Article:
Video | Agriculture | Confidence | Economy | Energy | Employment | Finance | Media | Property | RBNZ | Science | SOEs | Tax | Technology | Telecoms | Tourism | Transport | Search

 

NZ Company Trades 90% of GDP in One Week

M-co, the company that runs the electricity market in New Zealand, is providing a trading simulation for European environmental certificates that traded NZ$91 billion over the past week.

There is growing interest in trading green electricity around the world. For example, many of the European Union member countries have government policy providing an incentive to increase renewable energy outputs. The European Renewable Electricity Certificate Trading (RECerT) project involves a European Commission sponsored renewable electricity certificate trading simulation across Europe in May this year.

170 traders from sixteen countries were involved in a internet based simulation that traded E45 billion over sixteen hours in the last week - the equivalent of 90% of New Zealand's Gross Domestic Product.

"We are thrilled that our first initiative in Europe is succeeding to such an extent," said Philip Bradley, M-co's Chief Executive. "RECerT is a demonstration of M-co's commitment to developing environmental markets that meet the needs of the environment, market participants and regulators. It also proves that New Zealand innovation is valued the world over."

The on-line trading platform M-co is using for the RECerT simulation is specially designed to meet the demands of renewable certificate trading and provides a practical way to teach generators, traders, suppliers and consumers how to maximise benefits and minimise risk through renewable energy trading.

"Basically, renewable certificate systems work by allowing members to trade the value attached to the "green nature" of electricity produced by renewable power stations. These green electricity certificates or 'rights' are traded separately to the physical electricity, which is sold, as normal, through the local distribution system," said Mr Bradley

"A market in green certificates has some big advantages. It promotes the development of new renewable energy schemes at least cost to consumers, sends the right sort of signals about locating renewable energy generation near the best resource and is socially responsible while being fully consistent with the principles of liberalised energy markets," said Mr Bradley.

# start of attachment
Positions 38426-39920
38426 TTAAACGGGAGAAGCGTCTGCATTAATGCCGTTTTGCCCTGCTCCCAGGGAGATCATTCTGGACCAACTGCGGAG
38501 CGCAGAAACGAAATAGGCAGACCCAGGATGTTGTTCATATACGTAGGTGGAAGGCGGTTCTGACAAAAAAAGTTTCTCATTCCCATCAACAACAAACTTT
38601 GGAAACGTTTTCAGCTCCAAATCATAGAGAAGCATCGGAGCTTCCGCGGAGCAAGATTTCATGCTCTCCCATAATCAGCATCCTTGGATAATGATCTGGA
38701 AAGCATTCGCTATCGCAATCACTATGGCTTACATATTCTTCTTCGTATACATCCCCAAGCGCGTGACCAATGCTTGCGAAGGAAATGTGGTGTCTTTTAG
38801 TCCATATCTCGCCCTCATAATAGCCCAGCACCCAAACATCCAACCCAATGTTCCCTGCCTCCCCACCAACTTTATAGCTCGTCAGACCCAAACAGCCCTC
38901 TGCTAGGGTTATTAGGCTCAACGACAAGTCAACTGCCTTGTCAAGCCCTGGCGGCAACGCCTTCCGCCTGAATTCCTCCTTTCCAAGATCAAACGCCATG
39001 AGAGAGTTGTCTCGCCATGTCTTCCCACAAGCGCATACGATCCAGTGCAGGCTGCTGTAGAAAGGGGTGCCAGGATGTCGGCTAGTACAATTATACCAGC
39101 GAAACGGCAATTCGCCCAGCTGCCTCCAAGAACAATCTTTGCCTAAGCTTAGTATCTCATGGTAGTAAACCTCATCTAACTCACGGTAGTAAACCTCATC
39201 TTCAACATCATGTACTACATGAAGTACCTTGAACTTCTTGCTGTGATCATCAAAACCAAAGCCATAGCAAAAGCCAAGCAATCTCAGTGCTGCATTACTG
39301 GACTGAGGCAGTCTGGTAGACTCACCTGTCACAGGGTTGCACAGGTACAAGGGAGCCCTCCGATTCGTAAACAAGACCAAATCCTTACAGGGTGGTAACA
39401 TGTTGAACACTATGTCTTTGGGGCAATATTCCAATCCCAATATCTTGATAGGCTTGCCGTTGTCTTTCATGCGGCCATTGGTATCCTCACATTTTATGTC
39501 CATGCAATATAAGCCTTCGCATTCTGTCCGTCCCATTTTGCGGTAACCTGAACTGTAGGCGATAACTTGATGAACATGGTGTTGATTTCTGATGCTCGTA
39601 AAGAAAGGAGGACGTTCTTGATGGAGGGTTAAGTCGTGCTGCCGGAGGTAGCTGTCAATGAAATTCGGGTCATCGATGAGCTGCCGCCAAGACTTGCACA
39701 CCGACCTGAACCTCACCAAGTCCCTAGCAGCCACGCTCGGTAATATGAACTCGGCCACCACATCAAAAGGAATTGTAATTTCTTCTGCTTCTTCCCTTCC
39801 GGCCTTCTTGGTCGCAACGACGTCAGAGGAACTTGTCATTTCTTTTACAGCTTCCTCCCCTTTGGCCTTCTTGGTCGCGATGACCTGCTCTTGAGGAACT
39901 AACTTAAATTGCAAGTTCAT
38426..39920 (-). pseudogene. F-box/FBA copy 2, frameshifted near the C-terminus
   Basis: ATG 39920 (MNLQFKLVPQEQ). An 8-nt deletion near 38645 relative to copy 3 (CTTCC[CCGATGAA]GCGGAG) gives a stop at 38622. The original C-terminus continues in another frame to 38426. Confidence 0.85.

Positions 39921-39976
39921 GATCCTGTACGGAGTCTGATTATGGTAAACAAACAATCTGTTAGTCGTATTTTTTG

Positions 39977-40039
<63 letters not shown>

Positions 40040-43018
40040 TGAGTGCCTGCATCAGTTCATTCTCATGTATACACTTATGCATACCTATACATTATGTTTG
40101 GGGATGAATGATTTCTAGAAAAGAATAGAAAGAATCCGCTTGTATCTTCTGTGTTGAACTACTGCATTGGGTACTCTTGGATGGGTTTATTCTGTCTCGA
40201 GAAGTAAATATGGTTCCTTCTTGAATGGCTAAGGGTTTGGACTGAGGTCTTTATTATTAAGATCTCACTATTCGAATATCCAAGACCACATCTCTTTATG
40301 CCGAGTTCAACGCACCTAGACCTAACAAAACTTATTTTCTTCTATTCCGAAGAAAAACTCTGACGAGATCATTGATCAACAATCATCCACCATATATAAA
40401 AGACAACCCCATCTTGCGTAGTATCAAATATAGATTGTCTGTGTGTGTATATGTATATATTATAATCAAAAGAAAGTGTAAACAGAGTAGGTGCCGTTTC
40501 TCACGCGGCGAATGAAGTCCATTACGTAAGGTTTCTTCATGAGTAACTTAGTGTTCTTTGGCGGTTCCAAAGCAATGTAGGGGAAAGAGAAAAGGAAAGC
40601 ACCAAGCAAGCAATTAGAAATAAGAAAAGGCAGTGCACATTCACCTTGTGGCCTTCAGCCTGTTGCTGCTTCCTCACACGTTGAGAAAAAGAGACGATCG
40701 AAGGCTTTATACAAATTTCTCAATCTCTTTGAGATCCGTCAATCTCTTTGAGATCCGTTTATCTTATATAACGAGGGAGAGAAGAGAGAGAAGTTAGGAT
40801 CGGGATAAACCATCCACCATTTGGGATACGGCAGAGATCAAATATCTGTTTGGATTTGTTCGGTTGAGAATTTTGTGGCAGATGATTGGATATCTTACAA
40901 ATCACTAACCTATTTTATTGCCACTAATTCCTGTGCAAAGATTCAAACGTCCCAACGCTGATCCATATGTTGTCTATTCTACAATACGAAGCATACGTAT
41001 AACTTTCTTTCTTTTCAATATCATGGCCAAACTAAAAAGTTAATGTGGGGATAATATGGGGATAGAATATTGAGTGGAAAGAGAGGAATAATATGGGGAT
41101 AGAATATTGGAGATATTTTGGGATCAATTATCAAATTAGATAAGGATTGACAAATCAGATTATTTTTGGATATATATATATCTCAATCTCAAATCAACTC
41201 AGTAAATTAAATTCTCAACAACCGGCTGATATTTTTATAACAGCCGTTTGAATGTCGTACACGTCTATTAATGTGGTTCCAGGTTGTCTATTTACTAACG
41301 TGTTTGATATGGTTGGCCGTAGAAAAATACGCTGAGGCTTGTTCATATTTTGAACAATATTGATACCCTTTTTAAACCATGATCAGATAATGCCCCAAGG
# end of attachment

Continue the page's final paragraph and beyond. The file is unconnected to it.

In a separate initiative M-co is implementing a Green Electricity Market (GEM) in Australia. GEM is an internet-based platform designed to facilitate the creation, trading and acquittal of Renewable Electricity Certificates.

M-co is one of New Zealand's e-commerce successes. Established in 1993, to set up the New Zealand electricity market, M-co now operates the biggest business-to-business e-commerce operation in Australasia.

Early in 2001, it opened an office in Sydney, where it is implementing GEM and running a registry database of green electricity certificates for the Australian Federal Government. New developments for the company in South East Asia will be announced shortly.

-ends-


© Scoop Media

 
 
 
Business Headlines | Sci-Tech Headlines

 

Gordon Campbell: On The Tax Working Group’s Road Map

Trying to analyse the interim report on the Tax Working Group (TWG) is like trying to review an entire All Blacks game, but at the half- time mark… More>>

ALSO:

Cut Before Using: Australian Strawberries Withdrawn

Needles were found in a punnet of strawberries sourced from Western Australia, which was bought in a Countdown supermarket in Auckland. The Choice brand of strawberries was sold nationwide last week. More>>

ALSO:

"Broad-Based Growth": GDP Rises 1 Percent In June Quarter

Gross domestic product (GDP) rose 1.0 percent in the June 2018 quarter, up from 0.5 percent last quarter, Stats NZ said today. This is the largest quarterly rise in two years. More>>

ALSO:

Judicial Review: China Steel Tarrif Rethink Ordered

On 5 July 2017 the Minister determined not to impose duties on Chinese galvanised steel coil imports. NZ Steel applied for judicial review of the Minister’s decision. More>>